Thursday, June 28, 2007

Byte: Oooooh!

Ninty announce they're releasing tools to allow people to make homebrew Wii games. I'll have to get my thinking cap on...

Wednesday, June 27, 2007

Bark: Pun-ishment



Well, it made me laugh.

Bark: Quote of the Day

Floodplains are called floodplains for a reason - they flood.
Thank you, Professor Spicer, Professor extraordinarius of Stating The Bleedin' Obvious, the Open University...

Byte: A simple formula

Beer + Wine + World of Warcraft + Going to bed at 3a.m. on a weeknight = Badness

You think I would have learnt by now...

Tuesday, June 26, 2007

Bark: A novel approach

You've got to love the Aussies. Since graphic adverts of the effects of car crashes aren't having any effect at reducing accidents or making people think twice about speeding, they've come up with a new campaign, based on the following premise:

If you speed, you've got a small cock.

Classic.

Bark: Feelgood factor

I tend not to blog about work so much, for obvious reasons, but it's days like today when I can really feel good about the work I do.

I think everyone wants to be able to see that their work has a purpose; that it makes a tangible, positive difference to peoples lives. So it's very gratifying to read stories like this, because I help maintain and develop the command and control system that assigns and sorties the SAR helicopters to incidents like this. I even know the RAF spokesman quoted on the website. I'll be seeing him next week when I'm going up to Kinloss to site test the next software upgrade.

It hits you even harder when you're intimately acquianted with the region that's being so badly hit. I used to live and work in Sheffield, so it's amazing to think that parts of the city are akin to a war zone. When I used to live in High Green, I used to drive past Hillsborough every day to go to work - and now it's more like a super-sized olympic swimming pool than a football stadium. Pretty crazy stuff.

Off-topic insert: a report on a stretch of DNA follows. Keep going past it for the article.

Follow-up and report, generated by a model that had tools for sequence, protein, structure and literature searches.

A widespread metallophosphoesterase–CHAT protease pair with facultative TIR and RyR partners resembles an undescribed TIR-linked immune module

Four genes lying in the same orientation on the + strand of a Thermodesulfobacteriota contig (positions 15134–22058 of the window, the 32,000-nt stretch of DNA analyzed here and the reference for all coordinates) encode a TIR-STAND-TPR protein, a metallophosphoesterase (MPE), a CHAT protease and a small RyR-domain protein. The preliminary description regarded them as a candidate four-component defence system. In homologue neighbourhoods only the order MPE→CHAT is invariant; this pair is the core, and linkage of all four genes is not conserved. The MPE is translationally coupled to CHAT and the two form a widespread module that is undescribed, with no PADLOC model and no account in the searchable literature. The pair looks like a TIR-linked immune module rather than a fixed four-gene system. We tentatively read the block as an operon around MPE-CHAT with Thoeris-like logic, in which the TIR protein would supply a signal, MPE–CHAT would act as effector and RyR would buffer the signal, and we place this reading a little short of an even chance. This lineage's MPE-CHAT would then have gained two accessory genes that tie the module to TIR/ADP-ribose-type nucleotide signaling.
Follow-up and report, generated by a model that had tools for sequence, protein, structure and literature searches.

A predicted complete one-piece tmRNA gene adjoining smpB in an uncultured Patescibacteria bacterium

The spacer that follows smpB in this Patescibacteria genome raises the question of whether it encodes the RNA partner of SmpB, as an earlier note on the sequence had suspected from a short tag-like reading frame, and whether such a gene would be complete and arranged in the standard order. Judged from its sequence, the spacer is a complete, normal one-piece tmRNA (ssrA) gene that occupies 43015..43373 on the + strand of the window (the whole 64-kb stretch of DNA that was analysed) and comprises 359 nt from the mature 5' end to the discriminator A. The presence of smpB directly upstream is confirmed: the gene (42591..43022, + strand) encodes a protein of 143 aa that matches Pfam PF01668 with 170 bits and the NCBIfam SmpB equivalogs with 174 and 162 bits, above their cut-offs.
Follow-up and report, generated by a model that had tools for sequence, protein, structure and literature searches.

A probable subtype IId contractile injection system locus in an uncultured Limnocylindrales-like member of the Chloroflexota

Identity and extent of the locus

Monday, June 25, 2007

Byte: Cat - away. Mice - playing.

My girlfriend is off for the week, helping supervise a school-trip to Paris and Futuroscope, meaning that I'm left home alone (again) for gaming, drinking and other assorted debauchery.

The mouse (i.e. me) is currently playing Metroid Prime Pinball on the DS, which is devilishly addictive. My copy of Puzzle Quest should also be arriving sometime this week, which should help keep me occupied in the lonely evenings this week, and also next week, when I go up to Scotland to do Site Acceptance Testing in Kinloss.

One thing that caught my eye at the weekend when I was shopping in Guildford was that Simbin have released a Caterham expansion for Race. At the whopping price of $6 (including sales tax), I promptly downloaded it from Steam. That works out to around £3, which is a bargain, really. You get three versions of the Caterham 7 - with 200, 260 and 320bhp respectively, plus two new tracks, Imola and Estoril.

The Caterham's are great fun to drive. The 320bhp version is a real handful - I dread to think what its power-to-weight ratio is. It's awesome chucking it around Macau, with concrete walls just waiting to gobble you up if you let the back end step out just a little bit too much. Nice to see that Simbin have been working on the 3D engine a little since I played it last, too. All the rendering bugs seem to have cleaned up, and I'm getting stunning frame rates, even with the anti-aliasing stuck on at full-whack. I think I'll be doing some serious car setup tuning in the rest of the evenings this week...

Friday, June 22, 2007

Byte: Speaking of imbeciles...

Rockstar's publisher, Take Two, have come out with that old chestnut, The "Fine Art" Defence, for Manhunt 2.

Well, I suppose you can recreate Jackson Pollock's paintings using people's blood...

Bark: Idiotdriverwatch - Day 5

Fate continues to try and make people crash into my car...